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By Lissa M. Wray Beal

On a recent trip to Bermuda (a wonderful escape from Winnipeg’s post-Christmas snowstorms), my husband Steve and I spent a day in the historic town of St. George. The original town was founded in 1609 by temporarily-stranded shipwreck passengers enroute to the Jamestown settlement. It is now a UNESCO world heritage site and, in the off-season, a lovely place to spend our New Year’s Eve day.

We took part in a walking tour, hearing stories of the houses inhabited for centuries and now inhabited by modern families. We saw the old harbor, and, once the tour was over, enjoyed a bowl of typical fish chowder (complete with sherry pepper sauce). But the delight of the day was discovering that the town’s parish church had a very familiar name: the Parish of St. Peter!

The historic church was founded in 1612, and is the oldest place of continuous Anglican worship in the western hemisphere, (outside of England). As we stood at the bottom of the steps leading to its front door, I paused for a moment to remember,
and pray for, my own parish of St. Peter back home. I wondered what a visitor 400 years from now might discover about who we had been: our sense of mission, our style of worship, where we had grown as disciples of Christ.

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The parish church in St. George has a current floor-plan of a “T,” with the leg of the “T” being short, and the cross-bar much longer. Originally, the cross-bar had been the centre aisle, and at its front was the rail and table. But over time, the focus of worship shifted from the table to the Word preached. This shift in focus was clearly in mind when the church was renovated and enlarged. The short leg of the “T” was added and this became the new centre aisle, leading to the pulpit and lectern at the intersection of the “T.” This placed the lectern and pulpit as the visual centre of the church, reflecting the new focus. Only when you walked the centre aisle to the lectern and pulpit did you notice the table off to your right, at the end of the cross-bar. In comparison, our St. Peter’s places the table and the lectern together at the front, reflecting our understanding that both the Word preached and the table are central to Christian faith. I was thankful for our dual focus.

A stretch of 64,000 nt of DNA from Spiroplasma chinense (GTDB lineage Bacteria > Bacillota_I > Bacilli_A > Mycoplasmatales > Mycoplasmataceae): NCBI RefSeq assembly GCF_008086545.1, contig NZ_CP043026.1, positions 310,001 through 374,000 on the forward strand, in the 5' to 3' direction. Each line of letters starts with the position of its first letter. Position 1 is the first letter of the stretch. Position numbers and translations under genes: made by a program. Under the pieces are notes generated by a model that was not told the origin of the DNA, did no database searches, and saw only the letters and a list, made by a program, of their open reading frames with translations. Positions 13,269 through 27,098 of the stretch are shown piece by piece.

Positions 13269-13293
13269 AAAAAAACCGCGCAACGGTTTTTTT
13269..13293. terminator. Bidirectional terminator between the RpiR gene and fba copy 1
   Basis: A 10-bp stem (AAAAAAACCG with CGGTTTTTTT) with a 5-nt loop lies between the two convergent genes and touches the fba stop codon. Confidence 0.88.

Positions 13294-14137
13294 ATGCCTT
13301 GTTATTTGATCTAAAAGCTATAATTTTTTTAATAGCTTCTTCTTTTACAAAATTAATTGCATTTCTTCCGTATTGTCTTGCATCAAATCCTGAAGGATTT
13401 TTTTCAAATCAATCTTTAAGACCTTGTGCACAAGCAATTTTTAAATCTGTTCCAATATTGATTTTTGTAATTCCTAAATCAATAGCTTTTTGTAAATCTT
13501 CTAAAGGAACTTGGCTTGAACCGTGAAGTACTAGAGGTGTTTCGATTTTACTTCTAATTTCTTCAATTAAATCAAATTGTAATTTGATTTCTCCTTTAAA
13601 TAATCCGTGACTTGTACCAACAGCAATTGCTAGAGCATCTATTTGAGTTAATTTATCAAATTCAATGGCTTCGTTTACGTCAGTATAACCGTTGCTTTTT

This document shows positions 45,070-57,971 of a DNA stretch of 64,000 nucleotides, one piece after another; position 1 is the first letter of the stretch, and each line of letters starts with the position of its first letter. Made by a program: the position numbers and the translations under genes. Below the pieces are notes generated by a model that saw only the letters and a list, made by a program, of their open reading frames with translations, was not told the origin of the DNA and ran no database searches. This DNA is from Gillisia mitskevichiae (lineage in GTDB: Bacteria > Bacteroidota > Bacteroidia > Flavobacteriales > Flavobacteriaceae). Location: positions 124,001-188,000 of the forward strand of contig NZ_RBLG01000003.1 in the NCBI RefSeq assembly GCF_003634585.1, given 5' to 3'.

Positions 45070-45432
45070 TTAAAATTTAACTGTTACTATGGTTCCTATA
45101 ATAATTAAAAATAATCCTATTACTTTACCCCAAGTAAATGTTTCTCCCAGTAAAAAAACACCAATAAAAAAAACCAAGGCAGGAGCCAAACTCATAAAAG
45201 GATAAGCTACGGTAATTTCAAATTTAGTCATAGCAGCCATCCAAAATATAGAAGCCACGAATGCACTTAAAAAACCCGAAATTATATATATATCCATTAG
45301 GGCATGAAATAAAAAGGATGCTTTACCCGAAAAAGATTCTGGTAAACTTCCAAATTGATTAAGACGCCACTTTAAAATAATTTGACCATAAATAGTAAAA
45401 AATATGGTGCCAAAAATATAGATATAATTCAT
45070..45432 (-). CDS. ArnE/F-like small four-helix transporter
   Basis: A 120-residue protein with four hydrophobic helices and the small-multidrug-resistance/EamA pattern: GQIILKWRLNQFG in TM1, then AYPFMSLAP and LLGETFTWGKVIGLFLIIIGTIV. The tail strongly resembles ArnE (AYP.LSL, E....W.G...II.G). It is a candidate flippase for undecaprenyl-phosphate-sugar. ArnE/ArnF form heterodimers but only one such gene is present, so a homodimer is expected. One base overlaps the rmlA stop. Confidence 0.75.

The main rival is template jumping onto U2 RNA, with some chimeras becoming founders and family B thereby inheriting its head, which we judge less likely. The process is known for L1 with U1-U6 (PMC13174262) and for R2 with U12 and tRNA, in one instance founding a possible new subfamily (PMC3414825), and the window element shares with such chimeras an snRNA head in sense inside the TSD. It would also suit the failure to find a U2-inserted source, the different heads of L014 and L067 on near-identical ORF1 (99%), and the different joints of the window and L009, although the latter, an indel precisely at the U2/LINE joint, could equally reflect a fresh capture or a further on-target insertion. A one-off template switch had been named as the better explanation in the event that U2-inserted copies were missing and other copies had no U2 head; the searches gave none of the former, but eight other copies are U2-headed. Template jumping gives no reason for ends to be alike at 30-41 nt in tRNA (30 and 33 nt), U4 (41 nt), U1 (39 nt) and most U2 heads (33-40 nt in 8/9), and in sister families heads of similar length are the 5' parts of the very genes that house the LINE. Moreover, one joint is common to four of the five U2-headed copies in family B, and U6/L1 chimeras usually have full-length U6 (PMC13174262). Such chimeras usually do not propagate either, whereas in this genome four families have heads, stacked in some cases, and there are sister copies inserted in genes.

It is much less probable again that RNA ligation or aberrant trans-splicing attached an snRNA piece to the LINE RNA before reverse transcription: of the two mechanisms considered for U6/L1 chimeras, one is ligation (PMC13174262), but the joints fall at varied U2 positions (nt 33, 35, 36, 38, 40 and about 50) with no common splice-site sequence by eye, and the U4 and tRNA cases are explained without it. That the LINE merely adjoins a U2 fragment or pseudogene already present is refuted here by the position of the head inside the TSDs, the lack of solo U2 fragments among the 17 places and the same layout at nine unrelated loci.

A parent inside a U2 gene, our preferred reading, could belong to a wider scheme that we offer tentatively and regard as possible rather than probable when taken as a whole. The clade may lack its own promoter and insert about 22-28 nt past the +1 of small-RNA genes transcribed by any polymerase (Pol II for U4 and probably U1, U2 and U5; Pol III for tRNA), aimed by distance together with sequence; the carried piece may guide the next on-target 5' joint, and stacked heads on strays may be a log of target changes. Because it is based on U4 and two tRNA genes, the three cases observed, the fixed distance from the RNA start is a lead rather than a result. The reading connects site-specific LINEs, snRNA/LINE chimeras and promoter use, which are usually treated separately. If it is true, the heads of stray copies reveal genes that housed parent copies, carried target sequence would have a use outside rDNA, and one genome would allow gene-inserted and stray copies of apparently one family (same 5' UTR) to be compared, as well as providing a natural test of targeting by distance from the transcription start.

In the church’s nave (the place where all the people sit for worship), there were some reminders of the church’s history: a cordoned-off and very old bishop’s chair, an old flag. These were thoughtfully placed, with notes indicating their significance. But the church was not filled with too many of these older items, so one was not distracted as one worshipped. Rather, several older items were displayed in an adjacent room, thus honoring them as part of the church’s living history.

As we left the church, we stopped to talk with one of the parish members who had welcomed our visit. She showed me the bulletin, and we laughed at our connection through our shared namesake. It felt a bit like meeting with an unexpected family member! We dropped a donation in the offering plate as we left, thankful for the parish’s ongoing ministry, and I blessed her and the church as they continued as Christ’s disciples.

We left through the parish cemetery (sadly noting the segregated section, which for many years had been reserved for the interment of black parish members). We were reminded that the church is not immune to following the norms of society, rather than those of Christ.

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Our walk then took us uphill to Church Folly Lane, where we encountered another sad part of the parish’s history. At the top of the hill stood the Unfinished Church: a grand stone structure in gothic style. But it was only a ruin, with no living community worshipping in it! Started in 1874 as a replacement for the parish church, congregational squabbles and lack of funds caused a church split and the building was never finished.

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As we sat on the broken church steps, I reflected on the unity we enjoy at our own St. Peter’s. As we move in new directions of ministry to seek to be a place of vibrant disciples within our post-Christendom context, I prayed that we would continue to walk in unity, courage, and faith.

As we waited for the island bus to take us back to our apartment, Steve and I reflected that our holidays so often feel like pilgrimages! Because we love to visit the churches we find along our way, we often are reminded of Christ’s church through the ages. We stop for a moment, reflecting on God’s faithfulness to his church, and praying for our own church communities. St. Peter’s in historic St. George is now 400 years old, and still a vibrant parish. St. Peter’s in Winnipeg celebrated its 60th anniversary this year. May we worship, pray, and serve toward our own 400th anniversary!